Federated identity management is the technical term behind what we commonly call “single sign-on” or SSO, where one set of web credentials unlocks multiple ecosystems and platforms.
PYMNTS’ May 2021 Authenticated Payments Report, done in collaboration with LoginID, goes deep on this timely topic, as the mass online migration of legitimate consumers is being tailed by a shadow force of fraudsters, who are stealing passwords and still reveling in COVID-era chaos.
“Federated identity systems could be the key to reducing reliance on passwords as well as lessening customer friction and improving the security of authenticated payments,” according to the new Authenticated Payments Report. “These systems allow users to enter a single username and password that then provides access to all services linked to it, curtailing the number of passwords one needs to remember and the risk of compromised accounts after a data breach. One common type of federated identity solution is known as single sign-on (SSO), which studies have shown can reduce lost or stolen password rates by up to 90 percent.”
Given that roughly 65 percent of consumers abandon websites if asked to create a username and password — and 92 percent bail without even trying to recover/reset forgotten usernames or passwords — SSO is a beacon of hope for an imagined passwordless world.
Biometrics Bypass PINs And Passwords As SSO Beckons
Security is the watchword with SSO, but convenience and ease of use are selling the idea.
The new Authenticated Payments Report quotes Clay McDaniel, CEO of social media marketing firm Ripl, which uses the SSO of Facebook, Google and Apple. McDaniel told PYMNTS that “trusted reliance on recognizable widespread authentication options like [those of] Facebook, Google and Apple has pushed our initial registration rate from 95 percent to north of 99 percent. We have hardly anybody now stepping away from the initial … sign-up and registration experience,” which he chalks up to “presenting recognized and trustworthy options.”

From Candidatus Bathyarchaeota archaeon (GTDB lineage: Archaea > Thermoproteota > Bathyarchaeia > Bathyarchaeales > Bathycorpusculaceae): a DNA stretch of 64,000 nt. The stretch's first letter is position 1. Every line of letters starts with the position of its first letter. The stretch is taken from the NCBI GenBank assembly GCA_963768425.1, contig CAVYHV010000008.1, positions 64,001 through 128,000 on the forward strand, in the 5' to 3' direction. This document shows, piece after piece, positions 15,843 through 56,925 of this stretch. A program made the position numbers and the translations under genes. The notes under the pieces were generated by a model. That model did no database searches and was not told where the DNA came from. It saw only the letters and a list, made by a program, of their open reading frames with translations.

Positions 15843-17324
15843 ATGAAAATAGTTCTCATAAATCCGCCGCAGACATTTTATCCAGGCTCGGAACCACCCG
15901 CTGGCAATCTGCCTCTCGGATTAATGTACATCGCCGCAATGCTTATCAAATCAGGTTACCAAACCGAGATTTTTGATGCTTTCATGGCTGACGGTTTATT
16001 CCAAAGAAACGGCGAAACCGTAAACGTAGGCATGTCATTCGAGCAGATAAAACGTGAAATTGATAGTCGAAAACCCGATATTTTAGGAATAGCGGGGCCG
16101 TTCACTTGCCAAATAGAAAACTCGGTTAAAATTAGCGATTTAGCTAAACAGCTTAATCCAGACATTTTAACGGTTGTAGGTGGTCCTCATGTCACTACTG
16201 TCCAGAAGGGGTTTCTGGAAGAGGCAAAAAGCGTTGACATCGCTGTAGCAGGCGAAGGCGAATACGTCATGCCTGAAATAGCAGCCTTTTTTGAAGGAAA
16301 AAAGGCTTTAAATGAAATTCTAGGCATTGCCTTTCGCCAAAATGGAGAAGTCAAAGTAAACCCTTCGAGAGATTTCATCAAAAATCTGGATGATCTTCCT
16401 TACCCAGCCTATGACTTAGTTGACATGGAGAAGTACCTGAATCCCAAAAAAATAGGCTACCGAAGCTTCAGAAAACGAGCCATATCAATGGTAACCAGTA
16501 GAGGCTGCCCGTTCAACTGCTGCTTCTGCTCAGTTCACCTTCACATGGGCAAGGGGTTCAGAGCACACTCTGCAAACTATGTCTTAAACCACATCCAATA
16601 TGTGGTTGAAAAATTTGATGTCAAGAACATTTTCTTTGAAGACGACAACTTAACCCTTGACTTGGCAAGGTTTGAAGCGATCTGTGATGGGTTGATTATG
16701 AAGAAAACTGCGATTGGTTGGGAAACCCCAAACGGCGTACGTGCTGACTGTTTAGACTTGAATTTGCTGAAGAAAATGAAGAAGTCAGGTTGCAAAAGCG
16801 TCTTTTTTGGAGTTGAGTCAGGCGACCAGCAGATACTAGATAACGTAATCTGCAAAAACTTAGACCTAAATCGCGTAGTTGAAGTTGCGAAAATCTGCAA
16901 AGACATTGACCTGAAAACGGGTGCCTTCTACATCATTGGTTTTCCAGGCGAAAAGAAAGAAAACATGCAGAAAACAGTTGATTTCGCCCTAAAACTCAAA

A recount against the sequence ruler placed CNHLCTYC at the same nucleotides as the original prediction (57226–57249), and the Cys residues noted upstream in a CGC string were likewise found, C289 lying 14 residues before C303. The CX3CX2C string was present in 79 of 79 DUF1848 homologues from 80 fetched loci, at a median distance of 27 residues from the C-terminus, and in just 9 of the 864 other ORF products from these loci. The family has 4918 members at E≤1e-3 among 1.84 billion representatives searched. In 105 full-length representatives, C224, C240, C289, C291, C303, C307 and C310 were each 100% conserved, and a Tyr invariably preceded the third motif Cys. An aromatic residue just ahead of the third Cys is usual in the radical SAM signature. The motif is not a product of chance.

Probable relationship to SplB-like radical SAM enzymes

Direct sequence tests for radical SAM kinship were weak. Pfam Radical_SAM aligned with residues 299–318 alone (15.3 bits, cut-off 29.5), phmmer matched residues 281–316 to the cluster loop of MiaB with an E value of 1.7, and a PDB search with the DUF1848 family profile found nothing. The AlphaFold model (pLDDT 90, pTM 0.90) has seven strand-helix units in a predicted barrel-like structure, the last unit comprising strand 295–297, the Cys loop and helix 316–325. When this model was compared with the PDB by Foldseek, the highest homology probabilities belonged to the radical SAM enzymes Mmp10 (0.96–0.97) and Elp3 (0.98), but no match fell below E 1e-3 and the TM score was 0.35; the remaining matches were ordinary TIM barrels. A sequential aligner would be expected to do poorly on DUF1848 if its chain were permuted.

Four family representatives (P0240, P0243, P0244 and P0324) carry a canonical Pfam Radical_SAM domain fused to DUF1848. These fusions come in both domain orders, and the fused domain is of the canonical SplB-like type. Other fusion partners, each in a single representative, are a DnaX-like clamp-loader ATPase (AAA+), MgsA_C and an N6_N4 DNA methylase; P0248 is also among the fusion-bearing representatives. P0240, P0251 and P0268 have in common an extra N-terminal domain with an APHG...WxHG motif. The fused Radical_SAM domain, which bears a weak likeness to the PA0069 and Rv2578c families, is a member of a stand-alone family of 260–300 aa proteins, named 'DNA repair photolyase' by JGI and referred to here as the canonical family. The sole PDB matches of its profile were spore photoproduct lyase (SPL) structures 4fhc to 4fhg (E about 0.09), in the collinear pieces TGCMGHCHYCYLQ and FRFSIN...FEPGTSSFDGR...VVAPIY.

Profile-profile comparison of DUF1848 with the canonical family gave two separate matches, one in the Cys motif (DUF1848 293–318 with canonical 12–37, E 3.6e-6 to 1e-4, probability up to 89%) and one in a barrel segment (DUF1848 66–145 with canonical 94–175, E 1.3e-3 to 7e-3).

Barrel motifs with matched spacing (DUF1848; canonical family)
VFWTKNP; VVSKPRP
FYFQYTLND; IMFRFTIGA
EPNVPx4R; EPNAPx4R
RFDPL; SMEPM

McDaniel added that “with Android in particular, we lopped off about 20 percent of registration time” using SSO. “We’ve [also] shaved almost 25 percent of the time to get people through the [web] registration sign-up process by offering Google, and on iOS [we] have similarly seen a significant reduction in the amount of time required for sign-up.”
It’s also a positive sign that consumers themselves see the wisdom of moving on from static credentials. Noting that “consumers are growing cognizant of passwords’ inherent weaknesses,” the report states that people are now looking for “secure and convenient alternatives when it comes to applications like payments authentication. A recent survey found that, for the first time in four years, consumers did not include passwords in their top three rankings of most secure authentication methods, instead listing physical biometrics, PIN codes and behavioral analytics. This shift coincides with a massive change in financial lifestyle due to the pandemic.”
Securing Everything, All The Time
Credit card fraud took close to $30 billion last year, underscoring the fact that Fraud, Inc. is a big, bad business, and it’s taking considerable efforts to slow its post-COVID roll. Here again, it’s where federated identity systems come into the picture, and where credentials depart.
“Built on a strong KYC process, federated identity solutions will allow subsequent merchants and clients to rely on the initial, strong KYC; therefore, for the subsequent company, the labor-intensive manual checks are eliminated, and for customers, it is a one-time effort,” Simon Law CEO of LoginID told PYMNTS.
“Once customers go through the KYC process, they will [have] the ability to gain access to all the linked merchant sites, entities and websites. As long as the initial KYC is strong, the information can be relied on across multiple industries, from health to commerce to government websites,” Law said.